google-knol-logo1Anyone remember Knol, the Google-backed, “expert”-authored system that was supposed to be a more reliable source than Wikipedia? Yeah, I’d almost forgotten about it, too. But it looks like so has everybody else. A post on the Google Operating System blog notes that it last received any updates in December, 2009, and since then has been more or less abandoned. As Mike Masnick points out on Techdirt, it’s another example of how the big companies can’t always outcompete the community-driven efforts they try to improve upon.

Masnick refers to this as “cargo cult copying,” referring to the Pacific tribes that built new religions around technologically-advanced visitors to their islands during World War II. They would build replicas of airplanes without really understanding how they worked or what they were supposed to do. Similarly, Google built Knol as an imitation Wikipedia without understanding what actually made Wikipedia work.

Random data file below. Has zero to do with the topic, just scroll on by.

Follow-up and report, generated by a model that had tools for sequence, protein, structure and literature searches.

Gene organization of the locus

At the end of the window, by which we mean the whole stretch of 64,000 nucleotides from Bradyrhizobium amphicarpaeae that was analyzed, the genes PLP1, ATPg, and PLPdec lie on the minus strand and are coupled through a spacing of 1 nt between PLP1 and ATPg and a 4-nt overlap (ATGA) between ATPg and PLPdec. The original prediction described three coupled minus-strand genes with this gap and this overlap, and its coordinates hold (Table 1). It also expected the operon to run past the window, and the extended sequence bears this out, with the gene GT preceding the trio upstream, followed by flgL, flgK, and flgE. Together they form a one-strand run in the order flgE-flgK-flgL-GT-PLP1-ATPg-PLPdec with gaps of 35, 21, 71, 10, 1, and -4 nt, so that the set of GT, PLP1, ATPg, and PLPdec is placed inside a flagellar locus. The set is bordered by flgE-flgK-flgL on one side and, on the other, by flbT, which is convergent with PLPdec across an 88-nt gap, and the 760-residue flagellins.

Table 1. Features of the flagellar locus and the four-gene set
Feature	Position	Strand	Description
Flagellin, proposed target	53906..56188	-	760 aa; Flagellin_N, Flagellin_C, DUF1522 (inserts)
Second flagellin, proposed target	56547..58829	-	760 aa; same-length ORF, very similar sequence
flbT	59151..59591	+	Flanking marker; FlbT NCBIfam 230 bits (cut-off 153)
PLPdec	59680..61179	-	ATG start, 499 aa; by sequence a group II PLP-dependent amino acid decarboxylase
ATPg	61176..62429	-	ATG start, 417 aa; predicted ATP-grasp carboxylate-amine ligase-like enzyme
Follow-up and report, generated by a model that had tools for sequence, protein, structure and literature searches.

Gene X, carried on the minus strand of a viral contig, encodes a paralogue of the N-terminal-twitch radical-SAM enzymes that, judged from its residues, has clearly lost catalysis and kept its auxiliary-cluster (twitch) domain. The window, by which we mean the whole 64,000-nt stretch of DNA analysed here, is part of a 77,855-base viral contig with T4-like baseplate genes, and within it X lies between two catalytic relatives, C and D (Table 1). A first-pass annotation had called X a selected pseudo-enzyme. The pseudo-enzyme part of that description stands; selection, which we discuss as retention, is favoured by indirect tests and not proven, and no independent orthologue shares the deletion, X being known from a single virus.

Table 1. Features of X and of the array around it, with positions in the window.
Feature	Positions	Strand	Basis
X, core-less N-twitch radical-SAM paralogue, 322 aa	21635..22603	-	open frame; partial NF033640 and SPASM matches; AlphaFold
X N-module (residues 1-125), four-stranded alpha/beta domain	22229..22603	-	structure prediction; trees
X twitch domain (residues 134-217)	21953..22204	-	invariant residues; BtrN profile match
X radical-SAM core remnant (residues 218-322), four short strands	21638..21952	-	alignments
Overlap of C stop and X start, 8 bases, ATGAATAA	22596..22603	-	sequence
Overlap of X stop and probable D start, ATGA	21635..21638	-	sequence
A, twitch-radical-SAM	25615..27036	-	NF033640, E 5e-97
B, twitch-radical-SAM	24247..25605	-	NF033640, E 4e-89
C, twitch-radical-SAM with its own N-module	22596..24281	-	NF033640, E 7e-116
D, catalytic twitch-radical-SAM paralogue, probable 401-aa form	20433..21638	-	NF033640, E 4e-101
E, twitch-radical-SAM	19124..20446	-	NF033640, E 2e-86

It turns out that people don’t need Wikipedia to be authoritative, or 100% correct all the time. They just need it to be “close enough”, and the more eyeballs and keyboard hands can contribute to the project, the more likely it is to be closer to right. It’s not always perfect—its editors have sometimes made bizarre decisions, and have often been accused of pandering to their own biases—and no teacher in their right mind would let a student use it as a primary source. But then, teachers don’t let students use commercial encyclopedias as primary sources either. In both cases, they’re just thumbnail sketches that satisfy curiosity, or give those more than merely curious a direction in which to begin their research into better sources.

And other community-based knowledge resources have started springing up, too, such as question-answering service Quora—like Wikipedia, but with a narrow focus on specifically answering questions rather than providing information. These things are driven by users, not by corporations, so it’s not surprising that corporate efforts will find themselves abandoned and overgrown with weeds—like a certain grassy Knol.


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